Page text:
Cannabis is a drug derived from the cannabis plant. It contains chemicals that have an effect on the brain and body.
Carlo De Angelis and Sweta Bhimani, Odette Cancer Centre pharmacists, have been studying cannabis and its effects for several years, and in particular in preparation for the legalization of marijuana in Canada last year.
“People typically think of cannabis or marijuana for its psychoactive properties — that it makes you high,” Carlo said. “But, cannabis contains hundreds of cannabinoids – chemicals that interact with the endocannabinoid system in our body and alter the way that system communicates with our body and brain.”
Tetrahydrocannabinol (THC) and cannabidiol (CBD) are the cannabinoids found in highest amounts in plant-based products.
As pharmacists, Carlo and Sweta look at cannabis use and its potential for medicinal purposes through the same lens that they view any other drug or medication.
They say they hear many misconceptions about plant-based cannabinoids. It’s your choice whether or not to use cannabis; if you choose to use, Carlo and Sweta have some information and tips:
It’s not a cure for cancer.
There’s no human research data or evidence to show cannabis cures cancer. There’s been a few studies in animals, and you might hear stories online or from a friend, but until there’s fulsome research about this, we must say cannabis is not a cure for cancer.
It may or may not help with side effects of cancer treatment.
There’s a perception that cannabis can help with many cancer-related symptoms and side effects. Again, we need more research and trials.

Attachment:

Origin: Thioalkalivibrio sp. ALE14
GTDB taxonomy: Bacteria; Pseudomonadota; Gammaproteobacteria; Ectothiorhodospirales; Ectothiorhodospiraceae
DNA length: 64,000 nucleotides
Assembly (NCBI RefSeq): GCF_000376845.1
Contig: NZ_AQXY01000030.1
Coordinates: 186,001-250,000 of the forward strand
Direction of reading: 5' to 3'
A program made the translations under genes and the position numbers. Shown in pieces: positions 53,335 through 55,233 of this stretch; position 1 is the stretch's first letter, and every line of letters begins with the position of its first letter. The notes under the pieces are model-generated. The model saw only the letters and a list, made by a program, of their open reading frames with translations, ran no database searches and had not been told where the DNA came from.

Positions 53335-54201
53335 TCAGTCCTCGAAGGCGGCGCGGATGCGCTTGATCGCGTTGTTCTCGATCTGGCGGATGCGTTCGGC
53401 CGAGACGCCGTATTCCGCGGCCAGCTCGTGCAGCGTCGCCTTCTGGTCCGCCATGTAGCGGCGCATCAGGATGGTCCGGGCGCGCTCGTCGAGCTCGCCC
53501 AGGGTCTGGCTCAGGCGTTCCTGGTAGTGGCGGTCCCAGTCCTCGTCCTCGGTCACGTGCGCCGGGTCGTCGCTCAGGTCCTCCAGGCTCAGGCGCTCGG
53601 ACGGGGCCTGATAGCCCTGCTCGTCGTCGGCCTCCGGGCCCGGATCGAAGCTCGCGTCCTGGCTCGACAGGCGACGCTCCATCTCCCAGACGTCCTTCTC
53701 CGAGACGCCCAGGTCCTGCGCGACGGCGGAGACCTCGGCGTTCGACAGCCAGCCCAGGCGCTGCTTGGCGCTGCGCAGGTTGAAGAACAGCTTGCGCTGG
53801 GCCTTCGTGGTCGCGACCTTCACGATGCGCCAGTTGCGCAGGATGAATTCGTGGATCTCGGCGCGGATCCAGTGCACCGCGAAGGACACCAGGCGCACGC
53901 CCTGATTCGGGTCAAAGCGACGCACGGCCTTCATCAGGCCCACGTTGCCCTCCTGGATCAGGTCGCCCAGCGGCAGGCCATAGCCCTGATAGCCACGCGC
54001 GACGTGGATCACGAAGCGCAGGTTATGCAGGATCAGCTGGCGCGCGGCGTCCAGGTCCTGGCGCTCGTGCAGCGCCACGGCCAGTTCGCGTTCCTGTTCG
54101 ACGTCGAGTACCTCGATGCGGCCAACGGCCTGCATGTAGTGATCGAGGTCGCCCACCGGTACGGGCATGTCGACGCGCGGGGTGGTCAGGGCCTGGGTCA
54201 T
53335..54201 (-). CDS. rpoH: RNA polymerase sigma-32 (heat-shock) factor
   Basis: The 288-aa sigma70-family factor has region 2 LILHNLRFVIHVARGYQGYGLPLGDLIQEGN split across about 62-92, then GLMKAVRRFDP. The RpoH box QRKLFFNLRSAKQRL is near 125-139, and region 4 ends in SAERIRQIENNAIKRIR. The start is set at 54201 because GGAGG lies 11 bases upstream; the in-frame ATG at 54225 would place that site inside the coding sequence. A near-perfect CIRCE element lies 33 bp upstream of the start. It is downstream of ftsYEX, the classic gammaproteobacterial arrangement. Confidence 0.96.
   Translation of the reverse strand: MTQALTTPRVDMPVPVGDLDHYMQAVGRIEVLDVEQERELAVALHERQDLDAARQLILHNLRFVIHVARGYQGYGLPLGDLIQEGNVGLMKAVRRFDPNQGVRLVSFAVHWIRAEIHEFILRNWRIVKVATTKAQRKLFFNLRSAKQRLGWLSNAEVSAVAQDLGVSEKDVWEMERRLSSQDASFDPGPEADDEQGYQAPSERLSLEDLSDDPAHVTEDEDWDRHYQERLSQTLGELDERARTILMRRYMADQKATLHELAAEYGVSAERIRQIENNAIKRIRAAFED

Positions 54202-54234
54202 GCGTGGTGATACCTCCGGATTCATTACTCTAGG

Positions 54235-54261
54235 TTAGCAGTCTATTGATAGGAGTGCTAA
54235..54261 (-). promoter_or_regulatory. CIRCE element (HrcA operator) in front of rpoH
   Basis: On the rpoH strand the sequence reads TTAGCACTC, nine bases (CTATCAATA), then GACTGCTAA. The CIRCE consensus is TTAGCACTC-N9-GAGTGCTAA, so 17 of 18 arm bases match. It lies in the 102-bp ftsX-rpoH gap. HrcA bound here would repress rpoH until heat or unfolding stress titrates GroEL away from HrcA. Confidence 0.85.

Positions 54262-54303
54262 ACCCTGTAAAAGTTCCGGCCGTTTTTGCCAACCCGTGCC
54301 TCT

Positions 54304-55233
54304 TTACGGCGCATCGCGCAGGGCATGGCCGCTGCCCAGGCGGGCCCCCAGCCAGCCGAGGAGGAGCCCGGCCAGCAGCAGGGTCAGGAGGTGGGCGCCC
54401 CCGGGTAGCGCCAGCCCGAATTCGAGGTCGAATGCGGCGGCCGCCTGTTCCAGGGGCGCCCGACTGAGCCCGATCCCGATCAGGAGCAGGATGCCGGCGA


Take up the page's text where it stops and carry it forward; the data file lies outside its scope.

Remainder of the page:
For example, we hear often that cannabis is a good way to combat chemo-related nausea and vomiting. While anecdotally some people may find this is true, as pharmacists we rely on research evidence. The existing studies look at cannabis versus a placebo. Against a placebo, the cannabis is better at managing nausea/vomiting. But there are no studies that compare cannabis to the current standard of care. We have traditional therapies to prevent and manage chemo-related nausea or vomiting that have undergone rigorous testing and so we encourage people to try those first.
More research is needed.
As mentioned above, we’d like to see more research comparing cannabis to traditional therapies. However, there are challenges when it comes to research, for example ensuring consistency from batch to batch from the same grower or between growers offering a product similar in THC and/or CBD amount. There is also a need for us to understand how to best deliver the cannabis.
If you choose to use cannabis, tell your healthcare provider or talk to a pharmacist.
Cannabis is a legal substance in Canada and so we want to open up the conversation and ensure you are using this drug safely. Cannabis can interfere with other medications so we routinely ask patients if they use cannabis, just as we ask about other drugs, supplements or remedies. A pharmacist can consider your own personal history to assess your risk for adverse effects.
Cannabis can have adverse effects.
Many people think that cannabis never has adverse effects, that is, an undesired harmful effect. This is not true. Ultimately this is a drug, and most drugs have a risk of an adverse effect. Psychosis, anxiety or other negative effects can occur. Some people are more at-risk for adverse affects than others – please talk to your pharmacist.
If you choose to use:
- Use a licensed vendor. This ensures that the product purchased is free of contamination from pesticides or other illicit substances
- Say no to smoking or vaping. There’s enough evidence to show these methods of delivery are harmful to your lungs.
- Talk about it. If you are undergoing cancer treatment (or treatment for another health condition), let your health care team or pharmacist know that you use cannabis.